WASHINGTON, US - US PRESIDENT George W. Bush said on Thursday he had not changed his plans to attend the Beijing Olympics, despite a growing row over China's support for Sudan amid the Darfur crisis.
In an interview with the BBC, Mr Bush said he had no reason to use the Olympics as a way to highlight such issues because he did it 'all the time' in private with the Chinese leadership.
'I'm going to the Olympics. I view the Olympics as a sporting event,' Mr Bush told the BBC in an interview aired on Thursday.
In what was a public relations disaster for the Games, Hollywood film-maker Steven Spielberg announced Tuesday that he was cutting ties with the Olympics and quitting as its artistic advisor.
Spielberg accused China of not doing enough to press its ally Sudan to end the devastating violence in Darfur.
At the same time, a series of Nobel Prize laureates, Olympic athletes and lawmakers from around the world penned an open letter to Chinese President Hu Jintao also urging Beijing to use its pressure on Khartoum.
Mr Bush told BBC World America that what Spielberg did was 'up to him.'
'I have a little different platform than Steven Spielberg, so I get to talk to President Hu Jintao. And I do remind him that he can do more to relieve the suffering in Darfur.' The US president added 'there's a lot of issues that I suspect people are going to opine' about during the August Olympics.
'I am not going to go and use the Olympics as an opportunity to express my opinions to the Chinese people in a public way because I do it all the time with the president.'
UN officials estimate around 200,000 people have died in Darfur from the combined effects of war, famine and disease since 2003, when a civil conflict erupted between government-backed Arab militias and non-Arab ethnic groups.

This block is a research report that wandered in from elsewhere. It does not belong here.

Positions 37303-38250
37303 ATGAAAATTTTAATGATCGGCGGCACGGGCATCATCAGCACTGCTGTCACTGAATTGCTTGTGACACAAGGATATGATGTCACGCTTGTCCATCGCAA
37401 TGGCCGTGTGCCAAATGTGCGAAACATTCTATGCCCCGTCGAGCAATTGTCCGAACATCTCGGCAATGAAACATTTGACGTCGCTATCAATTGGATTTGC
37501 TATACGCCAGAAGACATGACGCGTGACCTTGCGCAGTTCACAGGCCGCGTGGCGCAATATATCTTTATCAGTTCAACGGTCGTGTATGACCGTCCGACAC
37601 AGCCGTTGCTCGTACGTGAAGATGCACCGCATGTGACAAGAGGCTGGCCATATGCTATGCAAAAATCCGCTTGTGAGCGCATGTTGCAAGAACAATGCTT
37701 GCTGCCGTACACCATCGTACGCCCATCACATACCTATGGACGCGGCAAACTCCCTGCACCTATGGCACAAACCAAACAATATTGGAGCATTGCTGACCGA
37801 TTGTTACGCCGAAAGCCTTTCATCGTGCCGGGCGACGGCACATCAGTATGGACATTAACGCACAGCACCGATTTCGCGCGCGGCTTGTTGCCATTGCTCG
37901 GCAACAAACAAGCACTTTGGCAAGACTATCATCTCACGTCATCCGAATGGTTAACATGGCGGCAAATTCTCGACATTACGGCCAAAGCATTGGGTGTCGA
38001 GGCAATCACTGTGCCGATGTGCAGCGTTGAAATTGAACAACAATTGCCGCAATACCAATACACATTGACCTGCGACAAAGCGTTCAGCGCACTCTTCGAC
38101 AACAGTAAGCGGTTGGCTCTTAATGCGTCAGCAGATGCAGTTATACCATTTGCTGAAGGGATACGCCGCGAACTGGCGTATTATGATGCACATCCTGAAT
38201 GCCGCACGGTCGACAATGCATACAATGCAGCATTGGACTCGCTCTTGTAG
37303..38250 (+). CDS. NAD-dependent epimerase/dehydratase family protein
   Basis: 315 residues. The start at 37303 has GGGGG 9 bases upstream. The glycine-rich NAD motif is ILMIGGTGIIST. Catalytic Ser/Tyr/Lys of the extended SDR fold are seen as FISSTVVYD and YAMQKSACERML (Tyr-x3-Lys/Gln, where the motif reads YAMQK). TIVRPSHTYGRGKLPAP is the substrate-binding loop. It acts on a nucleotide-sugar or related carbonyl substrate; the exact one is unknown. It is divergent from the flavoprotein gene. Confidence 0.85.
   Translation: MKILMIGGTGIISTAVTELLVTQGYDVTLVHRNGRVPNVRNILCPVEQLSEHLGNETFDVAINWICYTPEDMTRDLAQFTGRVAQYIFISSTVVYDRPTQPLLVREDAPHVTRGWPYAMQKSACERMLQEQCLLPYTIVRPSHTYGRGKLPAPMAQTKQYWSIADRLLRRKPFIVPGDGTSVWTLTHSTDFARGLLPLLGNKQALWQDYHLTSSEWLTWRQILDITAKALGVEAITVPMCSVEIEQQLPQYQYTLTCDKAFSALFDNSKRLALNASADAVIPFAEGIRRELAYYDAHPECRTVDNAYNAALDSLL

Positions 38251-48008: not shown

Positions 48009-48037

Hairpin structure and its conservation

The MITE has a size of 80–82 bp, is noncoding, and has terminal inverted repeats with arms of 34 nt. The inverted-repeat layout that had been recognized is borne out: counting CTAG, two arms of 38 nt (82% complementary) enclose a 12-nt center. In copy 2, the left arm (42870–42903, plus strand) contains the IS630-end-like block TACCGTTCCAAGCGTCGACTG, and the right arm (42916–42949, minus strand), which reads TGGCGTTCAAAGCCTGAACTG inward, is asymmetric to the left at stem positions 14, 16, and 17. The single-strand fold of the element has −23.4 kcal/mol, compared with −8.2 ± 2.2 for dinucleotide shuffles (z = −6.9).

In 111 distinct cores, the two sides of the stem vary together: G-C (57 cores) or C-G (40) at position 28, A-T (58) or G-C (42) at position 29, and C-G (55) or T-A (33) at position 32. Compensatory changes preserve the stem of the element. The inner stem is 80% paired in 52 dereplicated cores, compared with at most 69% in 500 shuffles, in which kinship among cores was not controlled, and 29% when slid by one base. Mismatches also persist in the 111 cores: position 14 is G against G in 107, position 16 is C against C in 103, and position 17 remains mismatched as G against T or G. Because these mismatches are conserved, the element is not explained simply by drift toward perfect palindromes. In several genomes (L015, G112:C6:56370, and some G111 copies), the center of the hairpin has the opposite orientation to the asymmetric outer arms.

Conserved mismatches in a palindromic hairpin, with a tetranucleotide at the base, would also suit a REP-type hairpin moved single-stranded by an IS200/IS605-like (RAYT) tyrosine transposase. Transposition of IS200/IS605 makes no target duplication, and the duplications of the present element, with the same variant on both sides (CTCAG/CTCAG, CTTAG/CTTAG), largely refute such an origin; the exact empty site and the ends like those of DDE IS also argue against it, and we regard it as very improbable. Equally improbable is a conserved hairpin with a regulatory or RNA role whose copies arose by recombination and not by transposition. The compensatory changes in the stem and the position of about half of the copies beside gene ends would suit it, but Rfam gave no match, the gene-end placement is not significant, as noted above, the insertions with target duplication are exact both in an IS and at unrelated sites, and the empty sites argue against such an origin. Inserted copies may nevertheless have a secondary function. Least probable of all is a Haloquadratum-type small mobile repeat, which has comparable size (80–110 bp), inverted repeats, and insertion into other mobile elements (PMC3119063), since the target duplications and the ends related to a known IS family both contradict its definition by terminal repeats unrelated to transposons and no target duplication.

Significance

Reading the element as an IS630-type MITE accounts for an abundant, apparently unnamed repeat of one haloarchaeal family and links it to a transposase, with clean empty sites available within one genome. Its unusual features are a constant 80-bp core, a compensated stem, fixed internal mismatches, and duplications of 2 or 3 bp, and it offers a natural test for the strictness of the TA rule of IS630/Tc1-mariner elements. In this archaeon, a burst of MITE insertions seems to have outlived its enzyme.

China is a major economic partner and supplier of arms to the government of Sudan, which is accused of backing militia forces responsible for much of the violence.
In his statement, Spielberg said he would no longer act as adviser to the Beijing Olympics for the opening and closing ceremonies.
'Sudan's government bears the bulk of the responsibility for these ongoing crimes but the international community, and particularly China, should be doing more to end the continuing human suffering,' he said in a statement.
Beijing was swift to respond, defending its support for the government and accusing its critics of prejudice against China.
'If they don't know the Chinese policy, I can understand. But if they have got some objectives, especially political objectives, we cannot accept that,' foreign ministry spokesman Liu Jianchao said.
Ms Zhu Jing, a spokeswoman for the Olympic organising committee, said Beijing had made 'unremitting efforts' to help resolve the Darfur issue.
She added: 'Linking the Darfur issue to the Olympic Games will not help to resolve this issue and is not in line with the Olympic spirit that separates sports from politics.' With less than six months to go before the Games, Darfur is one of just many blackspots that threaten to tarnish the Olympics.
China's controversial rule of Tibet, its relations with rival Taiwan, and alleged wide-ranging human rights abuses are among other issues to have caused controversy.
Last month, an aide to Britain's Prince Charles said last month that the heir to the British throne would not attend the opening ceremony, apparently because of opposition to China's handling of Tibet.
Rights groups and activists have accused China of ramping up a campaign of repression against dissidents to ensure they are silenced during the Games.
Beijing's notorious air pollution has also drawn unwanted headlines, with Ethiopian distance legend Haile Gebrselassie warning that he may pull out of the Olympic marathon because of fears for his health. -- AFP